Top kids’ health issues to watch in 2012

Nemours, an  internationally recognized children’s health system that owns and operates the Alfred I. duPont Hospital for Children in Wilmington, Delaware, along with major pediatric specialty clinics, manages the KidsHealth.org  website.

Physicians and editors at KidsHealth.org sifted through health issues affecting children and families to choose a few important trends to keep tabs on in 2012.

Here are a few areas that made the list:

The Risks of Postponing or Avoiding Vaccinations 

When it comes to immunizing children, increasing numbers of parents aren’t just consulting their pediatricians for advice — they’re also paying heed to rumors and advice spread online.

Even when the science or sources behind anti-immunization stances are proved unreliable or even completely discredited, it can be difficult for some parents to accept that vaccines are safe.

As a result, health officials are seeing alarming rises in preventable diseases, mostly among people who are not immunized.

Helping Teens Take Charge of Their Health Care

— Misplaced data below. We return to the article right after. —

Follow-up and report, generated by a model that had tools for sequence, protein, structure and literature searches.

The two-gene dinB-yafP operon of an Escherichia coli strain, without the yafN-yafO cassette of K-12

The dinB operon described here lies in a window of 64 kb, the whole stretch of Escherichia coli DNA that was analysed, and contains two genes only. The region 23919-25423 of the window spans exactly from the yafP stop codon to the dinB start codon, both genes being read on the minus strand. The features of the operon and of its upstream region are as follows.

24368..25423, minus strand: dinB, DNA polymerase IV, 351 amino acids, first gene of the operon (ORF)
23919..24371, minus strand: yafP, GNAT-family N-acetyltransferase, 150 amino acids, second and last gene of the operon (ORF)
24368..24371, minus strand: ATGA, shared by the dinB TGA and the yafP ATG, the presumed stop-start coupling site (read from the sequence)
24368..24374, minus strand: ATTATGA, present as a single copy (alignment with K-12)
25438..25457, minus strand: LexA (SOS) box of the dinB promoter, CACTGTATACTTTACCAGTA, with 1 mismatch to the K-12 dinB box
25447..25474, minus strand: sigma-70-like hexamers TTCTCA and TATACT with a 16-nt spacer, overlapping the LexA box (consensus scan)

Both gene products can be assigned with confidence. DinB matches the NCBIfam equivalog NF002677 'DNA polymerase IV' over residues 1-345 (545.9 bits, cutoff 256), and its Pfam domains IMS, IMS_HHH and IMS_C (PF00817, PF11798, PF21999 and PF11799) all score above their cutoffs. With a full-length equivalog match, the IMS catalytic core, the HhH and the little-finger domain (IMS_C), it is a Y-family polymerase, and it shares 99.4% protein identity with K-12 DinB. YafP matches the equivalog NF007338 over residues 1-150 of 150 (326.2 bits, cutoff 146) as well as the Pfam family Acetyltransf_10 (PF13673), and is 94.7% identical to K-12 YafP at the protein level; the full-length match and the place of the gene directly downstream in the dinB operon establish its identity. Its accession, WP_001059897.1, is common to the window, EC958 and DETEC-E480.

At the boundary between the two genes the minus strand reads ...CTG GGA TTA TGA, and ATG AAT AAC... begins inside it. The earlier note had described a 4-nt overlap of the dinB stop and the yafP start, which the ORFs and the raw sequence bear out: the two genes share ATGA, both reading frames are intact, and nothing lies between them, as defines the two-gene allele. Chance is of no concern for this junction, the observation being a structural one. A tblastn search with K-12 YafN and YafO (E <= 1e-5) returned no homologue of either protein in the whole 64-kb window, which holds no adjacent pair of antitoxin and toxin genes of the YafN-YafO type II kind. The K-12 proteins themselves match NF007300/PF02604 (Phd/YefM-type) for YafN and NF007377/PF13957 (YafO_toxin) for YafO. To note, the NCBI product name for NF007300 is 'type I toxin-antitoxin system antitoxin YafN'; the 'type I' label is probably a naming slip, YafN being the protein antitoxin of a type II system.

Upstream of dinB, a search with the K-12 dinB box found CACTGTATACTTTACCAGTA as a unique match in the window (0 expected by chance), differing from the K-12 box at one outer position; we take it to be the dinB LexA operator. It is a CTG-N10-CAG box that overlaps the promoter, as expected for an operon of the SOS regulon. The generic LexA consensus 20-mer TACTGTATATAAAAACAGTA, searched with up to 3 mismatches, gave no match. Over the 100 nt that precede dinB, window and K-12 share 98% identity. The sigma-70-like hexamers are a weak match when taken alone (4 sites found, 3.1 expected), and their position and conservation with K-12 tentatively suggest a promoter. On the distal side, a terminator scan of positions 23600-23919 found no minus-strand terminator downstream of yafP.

Preparing kids for independence and adulthood brings many challenges for parents. Among them is helping teens start managing their own health care.

But it’s important to guide teens toward taking on this responsibility. After all, parents won’t always be around to manage their children’s health care — and in most cases, once their kids become adults, legally they won’t be allowed to.

The Rise of Eating Issues and Disorders

Seeing the rail-thin models who strut down catwalks at fashion shows, you might think that eating disorders like bulimia or anorexia mostly affect women whose livelihoods are based on being thin.

But more and more, these problems are affecting people from all walks of life — and, unfortunately, many of them are kids. Of the almost 24 million Americans who suffer from an eating disorder, 95% are between 12 and 25 years old — and many of them are male.

Prenatal Surgery: Helping Babies Before Birth

Operating on a baby before birth may seem like science fiction, but prenatal surgery is becoming more and more common in special pediatric programs throughout the United States.

Since prenatal surgery was first pioneered in the 1980s, it’s become an important way to correct certain birth defects that could be severe (and in some cases fatal).

Choose mobile apps wisely

Many parents no longer just call their pediatrician for help and advice. Many also look for health information online. And, more and more, their sleuthing is done via smartphones and tablets, which has given rise to health-specific apps.

Read more on each topic

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